Historical context is important.  It’s also good to recognize the lens through which we’re analyzing a text, whether that lens is political, theoretical, or whatever.  And I’m well aware that many countries view the United States’ attitudes toward racism and sexism as a bit wacky.  But to claim that just because your perspective is, like Heinlein’s, grounded in a particular time and culture, it’s therefore invalid and/or fallacious is … well, a little silly.

I can read Tarzan and recognize that views on race were different in Edgar Rice Burroughs’ time.  I can also argue that, given Tarzan’s casual murder of blacks in the jungle, and a text that treats these incidents in precisely the same way as the hunting of animals, there’s racism here.

Is the historical context different than if the book were written today?  Sure.  And I recognize that my own moral framework is far from perfect.  Does that mean I’m not allowed to feel disgust at Tarzan’s joy in killing “savages,” or to talk about the racism in that portrayal?  Give me a break.

2. Then there’s “How dare you call Heinlein sexist?”

There is a valid point here.  As an author, it makes me uncomfortable when people blur the work with the writer.  I’d hate to think of someone reading the goblin books and deciding Jim C. Hines is a closet cannibal, for example.  The work =/= the writer, and I think we need to be aware of that distinction.

Going back to Tarzan, it’s clear that Tarzan never considers blacks as human.  For much of the book, he doesn’t even view himself as human, for that matter.  This is the character’s attitude … but the text never questions this attitude.  Even after Tarzan learns of his own humanity, he never makes the connection that those dark-skinned beasts were people.  The text supports Tarzan’s view, and you can argue that this is due to racism on Burroughs’ part.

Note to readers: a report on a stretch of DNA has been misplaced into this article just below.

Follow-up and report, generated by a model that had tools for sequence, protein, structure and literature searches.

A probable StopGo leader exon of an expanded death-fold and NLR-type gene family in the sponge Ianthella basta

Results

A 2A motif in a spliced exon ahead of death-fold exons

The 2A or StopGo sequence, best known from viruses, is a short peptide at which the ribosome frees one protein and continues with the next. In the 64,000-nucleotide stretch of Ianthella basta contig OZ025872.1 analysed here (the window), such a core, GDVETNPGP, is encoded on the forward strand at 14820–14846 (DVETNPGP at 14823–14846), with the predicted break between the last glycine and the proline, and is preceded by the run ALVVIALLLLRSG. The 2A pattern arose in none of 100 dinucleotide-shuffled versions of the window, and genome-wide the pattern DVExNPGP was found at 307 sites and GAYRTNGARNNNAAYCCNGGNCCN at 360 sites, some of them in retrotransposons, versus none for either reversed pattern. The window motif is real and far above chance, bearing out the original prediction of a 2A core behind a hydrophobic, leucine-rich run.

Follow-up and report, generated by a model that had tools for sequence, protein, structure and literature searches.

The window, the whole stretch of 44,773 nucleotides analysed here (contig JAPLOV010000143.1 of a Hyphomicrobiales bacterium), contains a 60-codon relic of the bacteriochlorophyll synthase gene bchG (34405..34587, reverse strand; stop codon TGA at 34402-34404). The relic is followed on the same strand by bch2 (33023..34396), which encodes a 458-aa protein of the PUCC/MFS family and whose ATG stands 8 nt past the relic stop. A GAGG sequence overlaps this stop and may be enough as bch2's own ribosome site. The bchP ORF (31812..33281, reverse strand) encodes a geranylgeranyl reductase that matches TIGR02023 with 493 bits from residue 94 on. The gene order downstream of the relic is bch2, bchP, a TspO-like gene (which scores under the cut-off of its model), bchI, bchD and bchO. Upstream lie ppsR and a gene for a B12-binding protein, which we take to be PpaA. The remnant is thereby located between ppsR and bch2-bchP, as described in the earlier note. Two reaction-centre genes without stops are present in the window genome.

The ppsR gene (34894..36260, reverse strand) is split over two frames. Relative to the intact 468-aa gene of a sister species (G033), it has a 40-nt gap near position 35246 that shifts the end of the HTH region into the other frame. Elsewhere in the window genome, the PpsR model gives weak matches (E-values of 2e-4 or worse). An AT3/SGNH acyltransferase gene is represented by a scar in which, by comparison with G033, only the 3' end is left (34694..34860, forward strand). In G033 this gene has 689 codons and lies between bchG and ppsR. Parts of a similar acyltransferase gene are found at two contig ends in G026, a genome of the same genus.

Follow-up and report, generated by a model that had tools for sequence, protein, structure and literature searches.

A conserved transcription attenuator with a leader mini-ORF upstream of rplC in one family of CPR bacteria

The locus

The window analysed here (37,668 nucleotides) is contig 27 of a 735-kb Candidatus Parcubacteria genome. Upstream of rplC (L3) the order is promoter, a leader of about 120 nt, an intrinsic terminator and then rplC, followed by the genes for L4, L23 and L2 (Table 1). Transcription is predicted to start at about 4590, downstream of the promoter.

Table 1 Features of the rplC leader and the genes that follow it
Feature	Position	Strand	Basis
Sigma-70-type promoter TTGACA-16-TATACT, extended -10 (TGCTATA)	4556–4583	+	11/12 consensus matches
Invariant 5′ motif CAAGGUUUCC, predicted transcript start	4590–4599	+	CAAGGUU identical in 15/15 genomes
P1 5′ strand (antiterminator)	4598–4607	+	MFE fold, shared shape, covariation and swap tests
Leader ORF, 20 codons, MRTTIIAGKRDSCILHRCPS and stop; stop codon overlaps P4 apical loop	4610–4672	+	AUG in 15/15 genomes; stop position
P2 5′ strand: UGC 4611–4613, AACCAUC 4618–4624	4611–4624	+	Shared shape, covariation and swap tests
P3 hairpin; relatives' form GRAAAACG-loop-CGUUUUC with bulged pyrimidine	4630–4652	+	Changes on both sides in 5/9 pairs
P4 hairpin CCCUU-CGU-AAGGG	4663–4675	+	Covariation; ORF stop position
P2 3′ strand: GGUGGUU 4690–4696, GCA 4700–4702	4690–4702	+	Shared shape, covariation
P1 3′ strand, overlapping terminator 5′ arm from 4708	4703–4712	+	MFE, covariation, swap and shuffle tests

But there are those who’ll say “racist” or “sexist” are the nuclear option, nothing but insults intended to destroy the recipient.  If you dare utter those words, you aren’t interested in conversation or discussion; you’re just name-calling, trying to slander poor Burroughs.

…which makes it kind of difficult to talk about issues of race and gender and discrimination and so on.  But then, sometimes I think that’s the point: to shut down discussion.

If you want to examine the distinction between author and work, and to argue for one or the other, then great.  I love debating literature and exploring different interpretations.  On the other hand, if you’re just going to say “Hey, you called Heinlein the S-word!  You can’t do that!!!”, then to me, you’re simply announcing your unwillingness to discuss or listen.

Mirrored from Jim C. Hines.



RSS Atom

Most Popular Tags

Powered by Dreamwidth Studios

Style Credit

Expand Cut Tags

No cut tags